NEW DELHI: Kitchens have long been laboratories for pesky preparations, ingenious executions, complex methods and state-of-the-art equipments.
Let’s simplify things in 2018, the year of minimalist cooking. The idea of less is more is being adopted by everybody from Michelin star chefs to humble home cooks.
It is a food trend that requires minimal time, effort, equipment and method and puts a premium on good quality ingredients, cooking with what is available, using fresh produce, and keeping storage spaces tidy.
Following sustainable practises is central to the idea of minimalism. “If we have decided to use one particular ingredient such as Celeriac, we use its root, leaf and stem,” says Chef Dhruv Oberoi, Head Chef at Olive Qutub.
The offering of Trumpets and Sunchokes from his kitchen is all about embracing local ingredients such as buckwheat and mushroom, braised farm grown trumpets and drum stick leafs. In his opinion heirloom grains such as millets and variety of indigenous leaves such as jute leaf, red amaranth leaf and wild sorrel will become extremely popular.
The minimalist food approach is an off shoot of the minimalist lifestyle objective that many adopted earlier last year. It’s all about creating room for what’s most important. The origins of this trend can be traced to Japan’s culinary culture where everything from the taste to presentation is minimalist in nature.
The philosophy squares well with the fleet-footed life we lead today. At the core of this practise lies the need for reducing time spent in the kitchen, to be able to make enough for family or important activities.
Working couples Rachit and Misha Jain were early adopters of minimalism in their family. Now inspired by them, a few others have followed suit. Last night, the couple made Grilled Salmon on a bed of Beans that took under 20 minutes to make.
“As my wife seasoned the fish with basic ingredients such as pepper, garlic and salt, I prepared the sauce to drizzle over the fish and the beans,” says Rachit. “The meal was tasty and extremely healthy, but most importantly, it saved enough time for us to sit and enjoy it together.
Streamlining the kitchen with the most essential tools is gathering consideration, particularly home chefs. Minimalism advocates maximum nourishment and minimum paraphernalia.
The true characteristics of minimalist cuisine lies judicious flavouring. Sometimes olive oil and salt is all you need. “Cooking with what’s available is key. Keeping drawers tidy is also important,” says Executive Chef of Lock & Key, Bhasker Chandra.
European, Japanese, Oriental and Indian cuisines are being rearranged into simple yet delicious meals according to Gaurav Raghuvanshi, Executive Chef at Philtre-The Bistro. He recommends Balsamic Pasta, Tomato Artichoke Lentil Soup and Soba Bowls as best examples of minimalist preparations.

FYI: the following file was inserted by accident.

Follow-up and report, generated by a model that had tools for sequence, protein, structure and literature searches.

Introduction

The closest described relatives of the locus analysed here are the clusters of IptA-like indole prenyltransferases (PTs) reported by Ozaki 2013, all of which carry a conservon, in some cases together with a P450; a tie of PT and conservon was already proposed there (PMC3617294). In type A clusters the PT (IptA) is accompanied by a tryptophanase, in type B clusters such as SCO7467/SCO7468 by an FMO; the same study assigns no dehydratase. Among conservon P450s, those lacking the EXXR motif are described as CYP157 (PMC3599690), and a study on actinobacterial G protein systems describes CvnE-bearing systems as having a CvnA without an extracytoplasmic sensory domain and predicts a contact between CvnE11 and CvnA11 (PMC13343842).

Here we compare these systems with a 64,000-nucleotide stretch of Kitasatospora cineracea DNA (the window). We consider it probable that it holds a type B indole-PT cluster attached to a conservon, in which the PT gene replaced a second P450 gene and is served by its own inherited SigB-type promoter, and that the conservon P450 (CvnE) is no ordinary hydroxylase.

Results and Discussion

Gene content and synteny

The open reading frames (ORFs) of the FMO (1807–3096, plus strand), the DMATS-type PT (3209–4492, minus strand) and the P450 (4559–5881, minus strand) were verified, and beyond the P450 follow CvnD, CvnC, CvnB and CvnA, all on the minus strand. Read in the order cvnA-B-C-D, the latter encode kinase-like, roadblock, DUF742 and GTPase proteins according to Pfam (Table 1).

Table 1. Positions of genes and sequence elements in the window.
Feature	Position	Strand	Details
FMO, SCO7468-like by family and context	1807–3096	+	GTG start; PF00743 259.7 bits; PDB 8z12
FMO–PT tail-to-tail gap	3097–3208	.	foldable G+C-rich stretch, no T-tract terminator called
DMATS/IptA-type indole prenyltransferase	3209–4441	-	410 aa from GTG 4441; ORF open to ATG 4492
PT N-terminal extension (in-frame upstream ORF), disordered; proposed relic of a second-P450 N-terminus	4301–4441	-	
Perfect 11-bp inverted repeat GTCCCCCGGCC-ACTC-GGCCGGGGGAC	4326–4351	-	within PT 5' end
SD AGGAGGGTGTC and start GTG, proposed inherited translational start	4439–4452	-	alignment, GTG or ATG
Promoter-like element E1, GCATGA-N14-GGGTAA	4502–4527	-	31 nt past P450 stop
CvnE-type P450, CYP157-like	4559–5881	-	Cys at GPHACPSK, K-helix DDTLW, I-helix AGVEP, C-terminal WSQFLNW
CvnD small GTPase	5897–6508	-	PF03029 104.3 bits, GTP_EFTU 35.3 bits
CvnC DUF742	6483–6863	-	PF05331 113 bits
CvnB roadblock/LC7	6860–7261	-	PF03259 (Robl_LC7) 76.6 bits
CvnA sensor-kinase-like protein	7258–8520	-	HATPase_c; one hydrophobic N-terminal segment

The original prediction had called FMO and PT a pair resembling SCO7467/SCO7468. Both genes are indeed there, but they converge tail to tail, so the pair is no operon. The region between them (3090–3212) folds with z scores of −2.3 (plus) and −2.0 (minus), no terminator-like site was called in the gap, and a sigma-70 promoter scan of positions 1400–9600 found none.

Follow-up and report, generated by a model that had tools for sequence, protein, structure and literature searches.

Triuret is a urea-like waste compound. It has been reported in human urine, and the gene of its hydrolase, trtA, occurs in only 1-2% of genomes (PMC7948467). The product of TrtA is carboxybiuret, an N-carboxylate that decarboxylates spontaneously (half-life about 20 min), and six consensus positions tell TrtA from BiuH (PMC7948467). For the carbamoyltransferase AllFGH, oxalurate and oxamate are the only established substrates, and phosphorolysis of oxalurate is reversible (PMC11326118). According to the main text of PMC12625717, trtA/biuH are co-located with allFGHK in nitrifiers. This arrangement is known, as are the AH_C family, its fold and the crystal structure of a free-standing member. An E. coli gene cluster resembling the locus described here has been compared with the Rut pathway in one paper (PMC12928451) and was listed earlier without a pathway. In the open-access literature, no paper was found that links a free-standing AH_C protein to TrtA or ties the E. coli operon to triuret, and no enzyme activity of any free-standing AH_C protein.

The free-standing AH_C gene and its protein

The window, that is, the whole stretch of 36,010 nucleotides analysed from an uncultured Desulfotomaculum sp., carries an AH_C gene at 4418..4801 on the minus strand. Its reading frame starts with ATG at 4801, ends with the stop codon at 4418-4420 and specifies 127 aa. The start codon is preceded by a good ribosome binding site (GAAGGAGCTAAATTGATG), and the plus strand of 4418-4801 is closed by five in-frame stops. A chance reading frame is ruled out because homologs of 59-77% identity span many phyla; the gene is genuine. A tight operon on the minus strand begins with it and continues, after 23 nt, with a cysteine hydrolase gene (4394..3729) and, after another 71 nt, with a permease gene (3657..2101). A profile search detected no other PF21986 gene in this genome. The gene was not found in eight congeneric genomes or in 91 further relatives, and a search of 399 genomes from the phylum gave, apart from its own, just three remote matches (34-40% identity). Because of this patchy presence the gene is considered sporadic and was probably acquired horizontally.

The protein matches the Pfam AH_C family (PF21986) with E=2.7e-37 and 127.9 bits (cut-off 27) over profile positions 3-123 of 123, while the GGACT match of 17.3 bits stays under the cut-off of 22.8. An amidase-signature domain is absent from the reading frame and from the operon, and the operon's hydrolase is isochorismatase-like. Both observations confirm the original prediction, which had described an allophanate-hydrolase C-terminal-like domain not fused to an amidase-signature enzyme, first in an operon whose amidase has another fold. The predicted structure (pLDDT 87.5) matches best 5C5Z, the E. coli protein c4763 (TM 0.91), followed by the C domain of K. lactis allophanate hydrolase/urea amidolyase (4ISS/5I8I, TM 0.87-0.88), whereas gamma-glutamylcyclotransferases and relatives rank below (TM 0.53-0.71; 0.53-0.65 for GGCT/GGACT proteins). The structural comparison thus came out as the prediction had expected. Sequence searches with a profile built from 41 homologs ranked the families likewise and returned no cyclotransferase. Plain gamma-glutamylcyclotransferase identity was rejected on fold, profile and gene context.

Minimalism is also about keeping plates clean. One should be able to see all ingredients, just like in the case of the preparation of Beetroot, Peanut Chops and Goat Cheese Raita by Corporate Chef at the Indian Accent, Manish Mehrotra.
Salads are a big hit with the minimalistic sensibility. With avocado suddenly appearing as the wonder food, preparations with the fruit have become high sellers. The Smashed Avocado preparation made with toasted sesame bread and leaf salad has exemplified the way in which minimalism is embraced at restauranteur Narendra Shukla’s Coffee Bond.
Pastas are a great way to put a meal together in no time. Take for example the recipe of Cacio e pepe that involves drizzling pasta with olive oil, adding butter, black pepper and Pecorino Romano cheese.
Another one is pasta Aglio, Olio e Peperocino that requires a few minutes to ready. “All you need is flour, eggs, vegetables and pasta,” says Nikhil Rastogi, Executive Chef, Eros Hotel, Nehru Place.
Minimalist baking is picking pace too. You can make Chocolate Coconut Butter Cups with five ingredients namely cocoa butter, coconut oil, maple syrup, and cocoa powder. Oreo Cheesecake Truffles can be made by mixing cream cheese and cookie crumbs and then dipping them in chocolate. “You should be able to see and taste each ingredient individually while following a minimalist approach,” says Chef Piyush Jain. Whether sweet or savoury, minimalism is proving to be an empowering tool for personal freedom.
It’s a food philosophy that requires minimal time, ingredients, equipment and method. It’s about putting a premium on good quality ingredients, cooking with what is alreayd available in your kitchen, using fresh produce, following sustainable practises and keeping storage spaces tidy.
Heirloom grains such as millets including Foxtail, Ragi, Jowar, Barnyard, Bajra, Proso and Kodo, in addition to indigenous leaves such as Jute leaf, Red Amaranth leaf, wild sorrel and others will become popular ingredients for minimalist cuisine